James McGill Professor
Associate Dean and Director, SCSD
marc [dot] pell [at] mcgill [dot] ca (Email)
BA Linguistics/Slavic Studies, University of Ottawa
Research in the Pell Lab is motivated by the following goals: to understand how adults communicate nonverbal and nonliteral meanings in spoken language, especially those meanings which refer to a speaker's emotions, attitudes, or other social intentions while speaking; to establish how acquired diseases of the brain, such as stroke or Parkinson's disease, affect these communicative functions and related pragmatic skills; and to describe the neuro-cognitive substrates which appear to support these expressive and receptive language abilities.
We are approaching our goals through behavioural and acoustic studies of healthy adults and through neuropsychological evaluation of brain-damaged adults with suspected difficulties in emotional communicaton and pragmatic language processing. Currently, much of our research is focussed on the role of emotional prosody (i.e. voice tone) in speech communication, although related work on how adults process emotional facial expressions and certain nonliteral forms of language (e.g. sarcasm, metaphors) is also underway. (More info ....Neuropragmatics and Emotion Lab)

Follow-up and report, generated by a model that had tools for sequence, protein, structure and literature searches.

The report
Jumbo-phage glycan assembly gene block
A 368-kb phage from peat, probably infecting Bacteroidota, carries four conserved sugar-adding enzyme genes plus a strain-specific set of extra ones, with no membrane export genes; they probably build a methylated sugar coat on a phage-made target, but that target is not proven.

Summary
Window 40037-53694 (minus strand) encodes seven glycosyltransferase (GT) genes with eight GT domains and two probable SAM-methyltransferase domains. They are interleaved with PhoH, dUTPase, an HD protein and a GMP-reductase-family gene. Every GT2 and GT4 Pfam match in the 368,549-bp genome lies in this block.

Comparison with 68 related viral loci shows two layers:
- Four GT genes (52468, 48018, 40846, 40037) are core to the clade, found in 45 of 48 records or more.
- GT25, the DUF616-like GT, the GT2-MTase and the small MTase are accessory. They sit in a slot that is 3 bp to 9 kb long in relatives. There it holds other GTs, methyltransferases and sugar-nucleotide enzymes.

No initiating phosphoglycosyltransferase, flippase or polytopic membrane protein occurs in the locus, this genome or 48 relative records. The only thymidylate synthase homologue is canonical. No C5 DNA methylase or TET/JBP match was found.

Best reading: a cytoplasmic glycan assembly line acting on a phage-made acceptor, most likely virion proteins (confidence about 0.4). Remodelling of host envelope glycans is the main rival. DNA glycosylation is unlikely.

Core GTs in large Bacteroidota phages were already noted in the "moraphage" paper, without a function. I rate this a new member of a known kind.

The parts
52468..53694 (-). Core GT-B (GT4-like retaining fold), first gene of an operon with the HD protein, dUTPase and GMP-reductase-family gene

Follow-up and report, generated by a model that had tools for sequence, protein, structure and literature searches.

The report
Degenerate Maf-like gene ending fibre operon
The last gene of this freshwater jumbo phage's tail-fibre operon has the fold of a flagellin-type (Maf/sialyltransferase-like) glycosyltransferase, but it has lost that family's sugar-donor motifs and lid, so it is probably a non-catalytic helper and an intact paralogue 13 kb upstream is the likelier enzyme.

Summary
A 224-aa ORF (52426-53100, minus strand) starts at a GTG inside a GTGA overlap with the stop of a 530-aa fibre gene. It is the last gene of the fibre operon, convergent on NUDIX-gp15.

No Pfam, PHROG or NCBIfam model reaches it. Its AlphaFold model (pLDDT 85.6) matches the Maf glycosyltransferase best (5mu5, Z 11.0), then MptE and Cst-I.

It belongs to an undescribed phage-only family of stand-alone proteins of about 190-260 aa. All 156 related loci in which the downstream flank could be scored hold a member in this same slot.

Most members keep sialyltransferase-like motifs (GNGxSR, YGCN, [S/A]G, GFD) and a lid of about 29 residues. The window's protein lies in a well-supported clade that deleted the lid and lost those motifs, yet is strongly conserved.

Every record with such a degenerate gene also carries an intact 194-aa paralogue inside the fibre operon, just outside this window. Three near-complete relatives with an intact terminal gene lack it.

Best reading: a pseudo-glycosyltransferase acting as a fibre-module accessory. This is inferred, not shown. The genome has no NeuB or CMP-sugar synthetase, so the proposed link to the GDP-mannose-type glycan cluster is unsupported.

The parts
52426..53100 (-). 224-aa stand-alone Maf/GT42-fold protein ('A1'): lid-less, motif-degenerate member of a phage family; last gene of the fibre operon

Paulmann, S., Titone, D., & Pell, M.D. (2012). How emotional prosody guides your way: evidence from eye movements. Speech Communication, 54, 92-107.
Pell, M.D. & Kotz, S.A. (2011). On the time course of vocal emotion recognition.PLoS ONE, 6 (11): e27256.
Pell, M.D., Monetta, L.,Paulmann, S., & Kotz, S.A. (2009). Recognizing emotions in a foreign language. Journal of Nonverbal Behavior, 33 (2), 107-120.
Monetta, L., Grindrod, C., & Pell, M.D. (2009). Irony comprehension and theory of mind deficits in patients with Parkinson's disease. Cortex, 45 (8), 972-981.
Cheang, H.S. & Pell, M.D. (2008). The sound of sarcasm. Speech Communication, 50 (5), 366-381.
Pell, M.D. & Leonard, C.L. (2003). Processing emotional tone from speech in Parkinson’s disease: a role for the basal ganglia. Cognitive, Affective, & Behavioral Neuroscience, 3 (4), 275-288.